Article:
: We are in our 80s and want to transfer ownership of some homes to our children. How should we do this in a tax-advantageous way?
We are a couple in our 80s who have been retired since 1996. We have two children who are residing in two of our houses. We would like to know when we should initiate a transfer of the titles to the children that would be tax-advantageous to them.
You are generous to your children, but since the houses are being used by them already, what is the rush is to get the titles into their name?
Your focus on their taxes sounds like a noble reason, but what about what works best for you as a couple? Your financial situation, estate and familial relationships hold the key.
The essential factor is the value of your total assets, then your federal and state estate tax situation and how your will, and trust if you have one, are written. Then there’s Medicaid eligibility rules as well as gift and inheritance tax issues.
Without knowing all your financial details and the state you live in, I can only give you a broad overview of issues to consider. I urge you to consult your accountant, attorney or other adviser.
It’s critical to speak to your children. You want to be clear about what you are giving and why. Most of all, explain the bigger picture and what will be the outcome as inheritance. More than 80% of parents are not transparent with their families about their finances, according to one study.
Without clarity and understanding, your adult children may be confused, expect a larger inheritance or worry about you and your spouse unnecessarily.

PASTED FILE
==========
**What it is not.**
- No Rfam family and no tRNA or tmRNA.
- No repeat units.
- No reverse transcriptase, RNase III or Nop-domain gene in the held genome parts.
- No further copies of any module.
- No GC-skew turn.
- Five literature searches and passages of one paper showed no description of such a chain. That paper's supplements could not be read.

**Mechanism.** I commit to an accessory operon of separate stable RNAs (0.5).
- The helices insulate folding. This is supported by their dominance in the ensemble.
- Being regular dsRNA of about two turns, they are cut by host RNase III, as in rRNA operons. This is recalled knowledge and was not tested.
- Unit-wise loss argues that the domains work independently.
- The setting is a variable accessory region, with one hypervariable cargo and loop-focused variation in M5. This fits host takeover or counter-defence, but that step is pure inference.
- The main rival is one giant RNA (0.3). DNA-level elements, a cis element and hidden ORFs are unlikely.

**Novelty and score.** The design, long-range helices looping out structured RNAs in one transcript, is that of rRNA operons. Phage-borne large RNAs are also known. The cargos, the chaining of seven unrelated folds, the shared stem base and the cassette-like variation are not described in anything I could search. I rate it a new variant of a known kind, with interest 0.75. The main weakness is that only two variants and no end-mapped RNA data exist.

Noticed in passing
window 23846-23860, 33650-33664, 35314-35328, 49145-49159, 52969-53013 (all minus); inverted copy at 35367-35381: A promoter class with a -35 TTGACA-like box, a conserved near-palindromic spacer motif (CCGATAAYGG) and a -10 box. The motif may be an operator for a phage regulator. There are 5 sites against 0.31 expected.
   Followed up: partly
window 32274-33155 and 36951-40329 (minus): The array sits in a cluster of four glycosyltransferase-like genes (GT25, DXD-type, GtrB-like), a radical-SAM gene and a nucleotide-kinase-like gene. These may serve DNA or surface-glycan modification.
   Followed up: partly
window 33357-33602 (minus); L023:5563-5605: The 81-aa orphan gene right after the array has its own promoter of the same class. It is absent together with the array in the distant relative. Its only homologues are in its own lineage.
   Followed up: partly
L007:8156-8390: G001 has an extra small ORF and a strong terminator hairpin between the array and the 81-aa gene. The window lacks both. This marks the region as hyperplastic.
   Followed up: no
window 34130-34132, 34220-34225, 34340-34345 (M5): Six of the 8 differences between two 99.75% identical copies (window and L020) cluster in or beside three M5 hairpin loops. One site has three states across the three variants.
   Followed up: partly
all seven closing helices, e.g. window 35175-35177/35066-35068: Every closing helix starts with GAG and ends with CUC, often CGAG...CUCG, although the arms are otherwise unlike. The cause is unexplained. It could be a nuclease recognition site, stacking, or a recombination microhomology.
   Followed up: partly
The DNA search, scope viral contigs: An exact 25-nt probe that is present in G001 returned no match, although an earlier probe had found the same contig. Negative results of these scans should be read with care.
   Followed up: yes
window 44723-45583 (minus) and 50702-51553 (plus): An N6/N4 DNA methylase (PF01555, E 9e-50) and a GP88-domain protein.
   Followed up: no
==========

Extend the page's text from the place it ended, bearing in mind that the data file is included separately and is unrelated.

What to consider
Before you act, think about yourselves. Evaluate whether you have enough to take care of you both for the rest of your lives.
According to life expectancy tables, the average 80-year-old could live another seven to nine years; however, that does not consider lifestyle, health issues and quality of life. Most financial planners are doing financial projections until age 95 or 100, which strikes me as prudent as people live longer.
Your gifting could affect qualifying for Medicaid. Almost all states have a look-back period of 60-month, though in some states it is shorter. This is to make sure you haven’t gifted assets or sold them below market value in order to qualify for everything from free or reduced rate in-home care to nursing-home payments. Understand your state’s rules before your make a title change.
Even if Medicaid is not an issue, be realistic about the cost of additional home care, assisted living or nursing facilities. Keeping the homes may in the long run give you more resources to pay for that care, if needed.
On the relationship side, ponder these questions:
- What is your goal with your children? To help them financially? Make them self-sufficient?
- How will this impact your other children, if you have any? Or impact each child if these homes are not of equal value?
- How would you feel if one or both sold their home before you die?
- What other financial gifts are you giving your children?
Financial decisions affect family relationships. Remember that once the property is titled in their name, your adult child can do anything with it. Think about how watching their decision-making could affect you.